“We have to do more to promote things (that) add value to Nebraska,” he said, adding that livestock is one of the many things that can boost the state’s economy. "We want to make sure livestock has a place here in our state where it can expand and grow because that is a great example of how we can create more economic activity in our state …"
He cited Costco breaking ground on its first-ever chicken processing plant, calling it a massive investment that will have a huge economic impact on the state by creating hundreds of new jobs in Fremont and opportunities for more than 100 farmers through a poultry grower network.
“You may be in the beef industry and the pork industry, but we all have an interest in making sure all of livestock is successful," he said. "And so supporting those types of operations where we can put up those poultry barns is very important. We all need to be part of that ..."
He later reiterated one of his main goals for 2019: Property tax relief. Ricketts said he and others continue to look for ways to provide more property tax relief by doing things like increasing the property tax relief fund and controlling state spending, among other things, noting it’s especially important for ag land in the state. He stressed he’s hoping to hear ideas from others in the Legislature and work with them on how to achieve more property tax relief for Nebraskans.
Ricketts’ address was only one portion of a busy two-day conference. Participants toured Jindra Angus in Clarkson, ADM, Duo Lift and Behlen Manufacturing on Friday, heard a keynote address from Matt Lohr and had time to sit in on discussions about various topics.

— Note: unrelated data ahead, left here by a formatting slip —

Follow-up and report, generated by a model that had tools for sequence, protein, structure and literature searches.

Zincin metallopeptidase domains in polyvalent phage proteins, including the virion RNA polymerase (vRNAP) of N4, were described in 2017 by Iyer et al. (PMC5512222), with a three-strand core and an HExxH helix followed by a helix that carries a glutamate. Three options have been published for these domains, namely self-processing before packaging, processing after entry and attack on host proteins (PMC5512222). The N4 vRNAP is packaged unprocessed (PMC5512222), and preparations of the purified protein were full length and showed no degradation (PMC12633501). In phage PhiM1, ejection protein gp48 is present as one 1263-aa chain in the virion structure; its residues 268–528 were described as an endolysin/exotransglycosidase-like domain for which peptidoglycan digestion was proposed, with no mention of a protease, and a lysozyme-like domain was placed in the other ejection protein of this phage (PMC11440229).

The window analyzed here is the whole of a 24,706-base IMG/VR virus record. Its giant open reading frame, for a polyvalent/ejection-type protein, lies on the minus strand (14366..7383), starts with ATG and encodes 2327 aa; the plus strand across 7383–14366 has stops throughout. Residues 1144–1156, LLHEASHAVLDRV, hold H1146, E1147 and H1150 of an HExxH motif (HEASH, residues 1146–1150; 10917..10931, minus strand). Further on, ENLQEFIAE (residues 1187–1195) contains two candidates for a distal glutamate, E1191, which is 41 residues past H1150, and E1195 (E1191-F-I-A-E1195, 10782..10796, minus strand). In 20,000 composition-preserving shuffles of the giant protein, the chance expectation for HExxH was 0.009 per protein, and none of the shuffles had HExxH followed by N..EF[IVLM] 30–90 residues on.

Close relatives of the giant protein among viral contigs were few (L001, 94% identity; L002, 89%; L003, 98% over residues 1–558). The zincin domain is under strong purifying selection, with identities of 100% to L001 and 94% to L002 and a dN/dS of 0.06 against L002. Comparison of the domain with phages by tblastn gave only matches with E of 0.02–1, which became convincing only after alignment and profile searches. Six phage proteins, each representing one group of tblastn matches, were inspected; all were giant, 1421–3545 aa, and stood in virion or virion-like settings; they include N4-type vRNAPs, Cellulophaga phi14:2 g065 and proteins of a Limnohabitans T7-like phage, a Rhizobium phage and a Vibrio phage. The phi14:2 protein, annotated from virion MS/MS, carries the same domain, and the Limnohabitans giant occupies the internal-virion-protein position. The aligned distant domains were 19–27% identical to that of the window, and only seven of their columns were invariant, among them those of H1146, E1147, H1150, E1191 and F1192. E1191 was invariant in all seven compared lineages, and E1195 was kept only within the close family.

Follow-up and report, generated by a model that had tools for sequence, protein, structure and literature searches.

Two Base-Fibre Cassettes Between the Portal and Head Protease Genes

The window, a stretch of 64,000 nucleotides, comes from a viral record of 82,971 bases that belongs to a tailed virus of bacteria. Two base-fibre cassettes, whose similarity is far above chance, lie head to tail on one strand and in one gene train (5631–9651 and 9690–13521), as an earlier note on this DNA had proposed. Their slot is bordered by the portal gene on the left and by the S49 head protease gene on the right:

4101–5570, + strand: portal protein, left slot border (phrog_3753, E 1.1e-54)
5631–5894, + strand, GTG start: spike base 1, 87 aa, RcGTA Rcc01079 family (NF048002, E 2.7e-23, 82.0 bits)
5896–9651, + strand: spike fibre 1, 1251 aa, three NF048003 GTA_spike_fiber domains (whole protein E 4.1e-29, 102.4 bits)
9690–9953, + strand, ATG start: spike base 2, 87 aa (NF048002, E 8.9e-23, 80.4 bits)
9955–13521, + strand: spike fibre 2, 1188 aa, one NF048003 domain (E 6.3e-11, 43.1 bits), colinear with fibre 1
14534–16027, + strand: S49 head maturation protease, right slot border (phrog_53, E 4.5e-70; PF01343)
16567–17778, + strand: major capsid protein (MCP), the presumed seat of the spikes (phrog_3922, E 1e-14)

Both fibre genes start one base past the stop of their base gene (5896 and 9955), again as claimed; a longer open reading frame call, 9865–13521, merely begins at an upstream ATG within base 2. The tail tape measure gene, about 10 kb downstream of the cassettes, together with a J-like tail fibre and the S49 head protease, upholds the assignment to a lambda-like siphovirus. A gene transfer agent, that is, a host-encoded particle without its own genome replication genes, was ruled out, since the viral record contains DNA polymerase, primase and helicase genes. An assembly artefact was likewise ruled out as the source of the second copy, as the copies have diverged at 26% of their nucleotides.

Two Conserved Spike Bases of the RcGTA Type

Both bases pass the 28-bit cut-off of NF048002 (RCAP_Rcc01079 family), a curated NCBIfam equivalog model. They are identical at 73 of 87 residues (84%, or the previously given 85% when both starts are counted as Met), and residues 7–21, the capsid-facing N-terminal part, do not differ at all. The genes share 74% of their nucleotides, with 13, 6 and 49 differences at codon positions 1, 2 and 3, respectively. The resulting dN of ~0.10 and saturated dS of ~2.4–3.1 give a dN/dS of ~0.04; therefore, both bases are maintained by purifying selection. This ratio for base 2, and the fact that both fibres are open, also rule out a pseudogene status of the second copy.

NFB, which put on the conference with sponsor Aurora Cooperative, was appreciative of Ricketts for being part of it.
“It just shows the importance of not only the farm bureau, but especially the young farmers and ranchers within the state when the governor recognizes how important this group is to the economic future of this state, whether through traditional farming and ranching or through ag business,” Perdue said, noting most attendees were in the 18-35 age range. “... The governor being here really shows that."
The 28th Annual Governor's Ag Conference is set for March 4-5 at the Younes Conference Center in Kearney.
Matt Lindberg is the managing editor of The Banner-Press. Reach him via email at firstname.lastname@example.org.